Animals and goods of animal origin; monitoring of trade
The monitoring of trade in animals and goods of animal origin is the task of the official veterinarians at the district offices and serves to ensure compliance with regulations on animal diseases, animal protection and foodstuffs.
With the creation of the common internal market, the aim has been to achieve the freest possible trade in all areas, and this has largely been achieved. In the case of trade in animals and goods, this means that appropriate animal health and food safety rules must be observed in all Member States of the European Union in order to prevent the spread of animal diseases and to ensure human health, particularly when food of animal origin is consumed.
In the case of national and intra-Community trade and imports of animals and goods of animal origin from so-called third countries (countries that are not members of the European Union), compliance with the animal health, animal welfare and food safety regulations is controlled and ensured.
The task and aim is to
- to prevent the spread and introduction of animal diseases that pose a risk to our animals, but also to humans, such as rabies (dogs, cats) or foot-and-mouth disease (FMD). Animal diseases can be transmitted or introduced both by live animals and by animal products and articles, such as meat and meat products, hides and skins, feathers, hunting trophies, blood and blood products or animal feed.
- to ensure that foodstuffs are safe for human consumption. In the EU, establishments that process or handle food are subject to uniform working and hygiene rules. In the case of meat and meat products, for example, inspections check that the goods come from approved establishments in the EU or are imported from a third country that is allowed to supply the EU. In this context, checks are also carried out to ensure that the prescribed animal health and hygiene conditions are complied with. Particular attention is paid to compliance with transport and storage conditions.
- in the case of live animals, to check that transport takes place under conditions that respect animal welfare and to combat abuses.
In the case of imports of live animals and goods of animal origin from third countries, the checks are carried out by veterinarians at so-called border inspection posts. The European Union (EU) has a network of these border inspection posts, which all operate to the same standards, at all major points of entry into its territory by land, air and sea. They are headed by an official veterinarian. Bavaria has a border inspection post at Munich Airport, which is part of the Bavarian Food Safety and Veterinary Control Authority (KBLV).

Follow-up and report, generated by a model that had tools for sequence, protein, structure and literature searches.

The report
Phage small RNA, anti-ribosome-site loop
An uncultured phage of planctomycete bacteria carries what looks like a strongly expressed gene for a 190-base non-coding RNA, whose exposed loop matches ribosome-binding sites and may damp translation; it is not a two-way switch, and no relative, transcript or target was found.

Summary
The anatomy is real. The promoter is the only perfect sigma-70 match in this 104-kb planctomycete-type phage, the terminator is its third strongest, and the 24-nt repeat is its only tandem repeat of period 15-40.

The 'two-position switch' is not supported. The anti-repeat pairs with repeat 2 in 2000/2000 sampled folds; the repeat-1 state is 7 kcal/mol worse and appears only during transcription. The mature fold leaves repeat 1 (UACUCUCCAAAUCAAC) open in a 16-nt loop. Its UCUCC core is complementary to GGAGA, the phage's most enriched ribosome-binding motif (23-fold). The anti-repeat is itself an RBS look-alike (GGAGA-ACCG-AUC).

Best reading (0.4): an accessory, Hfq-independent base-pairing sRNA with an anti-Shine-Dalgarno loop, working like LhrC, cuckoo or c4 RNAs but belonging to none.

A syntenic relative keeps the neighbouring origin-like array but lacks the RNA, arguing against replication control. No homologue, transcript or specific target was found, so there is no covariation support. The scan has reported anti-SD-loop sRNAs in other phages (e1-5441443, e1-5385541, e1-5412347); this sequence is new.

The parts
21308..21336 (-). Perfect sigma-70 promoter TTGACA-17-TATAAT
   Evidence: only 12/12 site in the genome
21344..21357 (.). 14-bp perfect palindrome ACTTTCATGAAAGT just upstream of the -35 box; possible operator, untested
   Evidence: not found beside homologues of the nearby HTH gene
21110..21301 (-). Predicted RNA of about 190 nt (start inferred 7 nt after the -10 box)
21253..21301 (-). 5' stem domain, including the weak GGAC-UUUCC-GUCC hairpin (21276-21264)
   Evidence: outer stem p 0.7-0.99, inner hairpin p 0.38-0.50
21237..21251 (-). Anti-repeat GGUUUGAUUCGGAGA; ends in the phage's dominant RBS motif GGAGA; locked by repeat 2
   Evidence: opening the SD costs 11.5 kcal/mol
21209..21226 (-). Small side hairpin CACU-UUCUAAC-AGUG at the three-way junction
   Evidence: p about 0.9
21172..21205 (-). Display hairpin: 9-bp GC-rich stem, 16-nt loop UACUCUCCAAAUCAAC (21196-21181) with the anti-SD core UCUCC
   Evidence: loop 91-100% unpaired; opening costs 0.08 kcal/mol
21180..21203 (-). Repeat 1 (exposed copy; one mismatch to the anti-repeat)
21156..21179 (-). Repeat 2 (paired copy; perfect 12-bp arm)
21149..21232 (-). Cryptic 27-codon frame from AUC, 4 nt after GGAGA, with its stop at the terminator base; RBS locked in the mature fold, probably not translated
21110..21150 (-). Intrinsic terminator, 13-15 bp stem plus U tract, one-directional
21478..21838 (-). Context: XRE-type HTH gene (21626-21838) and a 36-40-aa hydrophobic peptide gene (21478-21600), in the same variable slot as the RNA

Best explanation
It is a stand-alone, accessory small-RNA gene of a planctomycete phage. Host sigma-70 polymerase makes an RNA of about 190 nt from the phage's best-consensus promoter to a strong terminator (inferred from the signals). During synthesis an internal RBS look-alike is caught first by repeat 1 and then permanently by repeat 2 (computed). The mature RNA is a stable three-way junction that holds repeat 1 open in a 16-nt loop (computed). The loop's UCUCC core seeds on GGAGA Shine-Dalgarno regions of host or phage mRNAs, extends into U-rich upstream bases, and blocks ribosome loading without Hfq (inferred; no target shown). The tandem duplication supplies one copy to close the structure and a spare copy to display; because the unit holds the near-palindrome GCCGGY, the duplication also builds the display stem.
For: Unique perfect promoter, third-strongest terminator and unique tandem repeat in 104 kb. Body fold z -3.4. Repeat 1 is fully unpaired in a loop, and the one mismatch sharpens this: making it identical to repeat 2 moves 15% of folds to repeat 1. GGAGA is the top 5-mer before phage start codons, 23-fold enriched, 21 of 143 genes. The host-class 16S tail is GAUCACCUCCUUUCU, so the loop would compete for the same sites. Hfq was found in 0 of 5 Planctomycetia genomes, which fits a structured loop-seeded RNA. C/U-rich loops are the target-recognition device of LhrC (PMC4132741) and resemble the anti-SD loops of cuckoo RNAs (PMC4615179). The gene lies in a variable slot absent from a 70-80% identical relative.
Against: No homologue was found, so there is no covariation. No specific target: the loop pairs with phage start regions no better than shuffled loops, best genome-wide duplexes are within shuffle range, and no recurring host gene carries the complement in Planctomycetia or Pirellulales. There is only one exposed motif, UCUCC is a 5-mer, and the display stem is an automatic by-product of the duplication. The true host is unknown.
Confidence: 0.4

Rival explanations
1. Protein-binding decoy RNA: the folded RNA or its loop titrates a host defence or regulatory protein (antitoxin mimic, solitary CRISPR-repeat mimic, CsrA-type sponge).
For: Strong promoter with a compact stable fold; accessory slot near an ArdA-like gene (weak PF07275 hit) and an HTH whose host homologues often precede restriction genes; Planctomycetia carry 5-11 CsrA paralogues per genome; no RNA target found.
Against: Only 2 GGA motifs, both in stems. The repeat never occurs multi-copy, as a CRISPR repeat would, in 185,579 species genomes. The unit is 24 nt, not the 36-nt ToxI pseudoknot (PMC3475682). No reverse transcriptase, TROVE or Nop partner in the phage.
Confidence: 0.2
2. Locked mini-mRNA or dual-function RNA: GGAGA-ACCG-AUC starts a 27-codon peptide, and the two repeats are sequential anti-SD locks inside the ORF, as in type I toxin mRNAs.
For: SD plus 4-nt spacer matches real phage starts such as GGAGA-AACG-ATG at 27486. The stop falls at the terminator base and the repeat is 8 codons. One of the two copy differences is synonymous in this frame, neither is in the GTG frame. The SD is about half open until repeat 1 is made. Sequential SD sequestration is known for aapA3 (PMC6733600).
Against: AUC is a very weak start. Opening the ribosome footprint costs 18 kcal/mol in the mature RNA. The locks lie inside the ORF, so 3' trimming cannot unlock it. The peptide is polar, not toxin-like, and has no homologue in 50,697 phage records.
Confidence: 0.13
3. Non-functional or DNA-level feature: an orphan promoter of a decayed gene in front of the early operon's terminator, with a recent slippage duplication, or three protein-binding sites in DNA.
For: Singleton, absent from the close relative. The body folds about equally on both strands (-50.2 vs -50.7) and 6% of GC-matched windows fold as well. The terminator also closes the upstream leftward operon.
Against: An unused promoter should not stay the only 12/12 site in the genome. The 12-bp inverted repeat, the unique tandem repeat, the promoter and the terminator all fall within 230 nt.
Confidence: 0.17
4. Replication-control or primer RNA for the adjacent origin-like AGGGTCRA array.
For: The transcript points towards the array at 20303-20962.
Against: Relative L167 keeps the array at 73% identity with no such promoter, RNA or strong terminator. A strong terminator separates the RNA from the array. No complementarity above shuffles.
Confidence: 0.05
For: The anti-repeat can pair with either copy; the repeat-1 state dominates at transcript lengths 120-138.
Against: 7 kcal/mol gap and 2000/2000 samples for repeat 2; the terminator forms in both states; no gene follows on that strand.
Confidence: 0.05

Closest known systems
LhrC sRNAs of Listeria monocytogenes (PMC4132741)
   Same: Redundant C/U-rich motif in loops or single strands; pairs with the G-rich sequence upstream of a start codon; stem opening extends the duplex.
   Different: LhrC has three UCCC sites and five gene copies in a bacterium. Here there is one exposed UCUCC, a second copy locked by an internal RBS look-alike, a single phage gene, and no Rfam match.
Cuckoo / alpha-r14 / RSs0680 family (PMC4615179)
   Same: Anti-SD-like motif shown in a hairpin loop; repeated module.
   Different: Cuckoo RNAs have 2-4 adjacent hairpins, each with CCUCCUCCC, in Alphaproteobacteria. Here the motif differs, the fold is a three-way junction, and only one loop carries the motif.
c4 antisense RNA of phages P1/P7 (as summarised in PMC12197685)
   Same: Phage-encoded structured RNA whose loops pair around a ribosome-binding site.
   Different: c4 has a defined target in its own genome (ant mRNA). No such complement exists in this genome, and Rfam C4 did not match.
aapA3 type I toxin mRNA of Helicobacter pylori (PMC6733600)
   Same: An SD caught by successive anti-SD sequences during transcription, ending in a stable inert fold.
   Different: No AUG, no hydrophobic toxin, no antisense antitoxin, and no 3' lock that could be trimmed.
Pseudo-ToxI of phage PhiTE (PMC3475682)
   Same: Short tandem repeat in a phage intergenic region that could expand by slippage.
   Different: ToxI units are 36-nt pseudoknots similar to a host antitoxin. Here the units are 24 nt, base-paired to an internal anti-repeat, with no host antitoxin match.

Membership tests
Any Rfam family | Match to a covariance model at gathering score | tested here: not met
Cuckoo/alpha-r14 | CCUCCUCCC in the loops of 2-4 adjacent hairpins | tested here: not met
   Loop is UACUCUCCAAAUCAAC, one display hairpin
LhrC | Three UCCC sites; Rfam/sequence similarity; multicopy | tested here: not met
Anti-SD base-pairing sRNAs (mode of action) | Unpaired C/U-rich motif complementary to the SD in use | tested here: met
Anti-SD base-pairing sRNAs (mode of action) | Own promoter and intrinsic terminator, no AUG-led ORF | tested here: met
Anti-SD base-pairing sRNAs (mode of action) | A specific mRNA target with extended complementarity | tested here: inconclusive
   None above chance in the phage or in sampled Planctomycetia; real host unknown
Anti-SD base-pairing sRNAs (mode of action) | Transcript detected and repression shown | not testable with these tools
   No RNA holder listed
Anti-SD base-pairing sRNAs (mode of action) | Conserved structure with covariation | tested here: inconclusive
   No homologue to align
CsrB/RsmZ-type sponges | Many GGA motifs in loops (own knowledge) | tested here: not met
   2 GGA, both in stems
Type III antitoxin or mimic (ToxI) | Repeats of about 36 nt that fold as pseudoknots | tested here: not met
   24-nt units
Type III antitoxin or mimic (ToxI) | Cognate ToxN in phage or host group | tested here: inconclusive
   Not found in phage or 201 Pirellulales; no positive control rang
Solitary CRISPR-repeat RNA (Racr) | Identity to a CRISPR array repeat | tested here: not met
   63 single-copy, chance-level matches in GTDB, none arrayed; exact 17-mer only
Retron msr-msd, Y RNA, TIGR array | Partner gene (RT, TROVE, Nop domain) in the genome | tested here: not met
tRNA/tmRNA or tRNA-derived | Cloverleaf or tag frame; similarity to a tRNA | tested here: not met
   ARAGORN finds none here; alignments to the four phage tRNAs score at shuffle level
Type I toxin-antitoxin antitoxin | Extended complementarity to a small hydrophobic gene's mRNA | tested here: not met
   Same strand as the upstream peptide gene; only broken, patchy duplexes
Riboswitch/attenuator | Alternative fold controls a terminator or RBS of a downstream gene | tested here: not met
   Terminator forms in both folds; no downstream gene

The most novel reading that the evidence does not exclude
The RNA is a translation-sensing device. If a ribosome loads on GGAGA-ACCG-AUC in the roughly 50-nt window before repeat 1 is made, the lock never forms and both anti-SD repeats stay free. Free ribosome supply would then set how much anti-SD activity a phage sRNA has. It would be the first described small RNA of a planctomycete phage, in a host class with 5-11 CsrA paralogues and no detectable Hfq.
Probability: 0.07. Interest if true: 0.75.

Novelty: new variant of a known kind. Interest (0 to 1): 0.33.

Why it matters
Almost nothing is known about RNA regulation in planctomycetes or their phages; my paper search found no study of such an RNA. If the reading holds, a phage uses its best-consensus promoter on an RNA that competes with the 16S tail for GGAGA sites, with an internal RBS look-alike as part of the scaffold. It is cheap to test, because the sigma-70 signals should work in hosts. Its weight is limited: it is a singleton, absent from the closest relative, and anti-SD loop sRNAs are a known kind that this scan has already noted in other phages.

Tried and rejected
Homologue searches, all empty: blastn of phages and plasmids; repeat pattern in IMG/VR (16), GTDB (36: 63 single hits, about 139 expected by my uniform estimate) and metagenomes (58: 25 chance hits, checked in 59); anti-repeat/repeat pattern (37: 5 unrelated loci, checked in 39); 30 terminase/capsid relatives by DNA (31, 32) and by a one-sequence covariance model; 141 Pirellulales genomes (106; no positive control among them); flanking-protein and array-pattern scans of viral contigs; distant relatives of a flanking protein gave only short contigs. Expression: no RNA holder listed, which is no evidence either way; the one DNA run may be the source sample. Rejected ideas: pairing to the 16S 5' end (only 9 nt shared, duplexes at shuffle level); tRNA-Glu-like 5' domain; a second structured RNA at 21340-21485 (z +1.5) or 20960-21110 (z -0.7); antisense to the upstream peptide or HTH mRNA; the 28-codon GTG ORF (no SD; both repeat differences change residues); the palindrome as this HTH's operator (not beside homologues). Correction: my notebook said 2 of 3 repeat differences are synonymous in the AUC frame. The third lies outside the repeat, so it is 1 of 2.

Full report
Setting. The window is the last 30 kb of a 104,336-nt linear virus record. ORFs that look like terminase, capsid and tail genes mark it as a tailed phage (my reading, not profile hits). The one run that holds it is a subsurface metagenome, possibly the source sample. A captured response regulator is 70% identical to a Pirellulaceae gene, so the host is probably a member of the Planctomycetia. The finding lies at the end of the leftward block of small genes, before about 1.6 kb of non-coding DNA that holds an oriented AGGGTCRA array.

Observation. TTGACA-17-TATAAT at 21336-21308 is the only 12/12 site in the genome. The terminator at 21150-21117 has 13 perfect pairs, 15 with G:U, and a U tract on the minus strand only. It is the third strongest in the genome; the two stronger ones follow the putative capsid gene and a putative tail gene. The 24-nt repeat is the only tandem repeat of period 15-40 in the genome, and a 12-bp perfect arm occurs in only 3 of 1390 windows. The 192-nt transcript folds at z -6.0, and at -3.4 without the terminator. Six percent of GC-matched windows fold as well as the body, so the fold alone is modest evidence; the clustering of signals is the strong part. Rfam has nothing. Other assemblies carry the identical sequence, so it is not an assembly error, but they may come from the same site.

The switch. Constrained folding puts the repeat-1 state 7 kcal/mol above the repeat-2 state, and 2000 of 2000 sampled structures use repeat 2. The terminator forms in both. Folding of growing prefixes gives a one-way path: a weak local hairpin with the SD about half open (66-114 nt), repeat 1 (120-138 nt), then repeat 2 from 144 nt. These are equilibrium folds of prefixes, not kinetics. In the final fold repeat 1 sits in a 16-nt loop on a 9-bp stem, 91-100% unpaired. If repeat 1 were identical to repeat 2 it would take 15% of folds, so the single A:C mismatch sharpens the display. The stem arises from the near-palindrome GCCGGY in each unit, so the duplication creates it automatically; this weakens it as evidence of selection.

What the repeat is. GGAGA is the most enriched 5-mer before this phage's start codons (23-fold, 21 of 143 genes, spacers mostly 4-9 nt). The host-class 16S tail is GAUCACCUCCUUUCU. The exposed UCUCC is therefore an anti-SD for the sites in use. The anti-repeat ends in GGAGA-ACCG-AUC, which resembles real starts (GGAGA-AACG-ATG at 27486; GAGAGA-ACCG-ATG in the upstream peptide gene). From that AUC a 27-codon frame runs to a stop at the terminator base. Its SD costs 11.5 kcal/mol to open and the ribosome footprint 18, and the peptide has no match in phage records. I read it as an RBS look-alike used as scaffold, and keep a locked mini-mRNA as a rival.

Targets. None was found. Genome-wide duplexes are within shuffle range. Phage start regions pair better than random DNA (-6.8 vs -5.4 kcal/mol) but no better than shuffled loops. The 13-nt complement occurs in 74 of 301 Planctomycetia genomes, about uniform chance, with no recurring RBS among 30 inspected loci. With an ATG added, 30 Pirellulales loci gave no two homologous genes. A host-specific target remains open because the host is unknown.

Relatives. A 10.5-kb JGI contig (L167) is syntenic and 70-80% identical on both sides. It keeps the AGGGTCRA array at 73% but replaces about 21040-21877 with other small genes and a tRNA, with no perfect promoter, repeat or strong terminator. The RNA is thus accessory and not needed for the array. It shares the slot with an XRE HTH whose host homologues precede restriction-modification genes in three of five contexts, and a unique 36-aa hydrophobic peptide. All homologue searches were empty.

The regulations on the movement of animals and goods apply in principle not only to commercial imports but also to private individuals carrying e.g. dogs, foodstuffs and other goods of animal origin. This is particularly important for imports from third countries.
You can find out which regulations must be observed in detail and for which cases exceptions are possible from your veterinary office or the Munich Airport border control point. Information on this subject is also available on the Internet from the Federal Ministry of Food, Agriculture and Consumer Protection, the Bavarian State Ministry for the Environment and Consumer Protection, and the customs service centers.
A naming of deadlines is not meaningful, since the legal regulations can change at short notice. It is recommended to inform yourself about the legal provisions in good time before a planned import / transfer / journey.
- no indication possible, as the amount of the fees depends on the individual case
Links to more information
Responsible for editing: Bayerisches Staatsministerium für Umwelt und Verbraucherschutz
- Online transactions, Bavaria-wide
- Online transactions, locally limited
- Prefillable Form, Bavaria-wide
- Legal bases, Bavaria-wide
- Legal bases, locally limited
- Fees, Bavaria-wide
- Fees, locally limited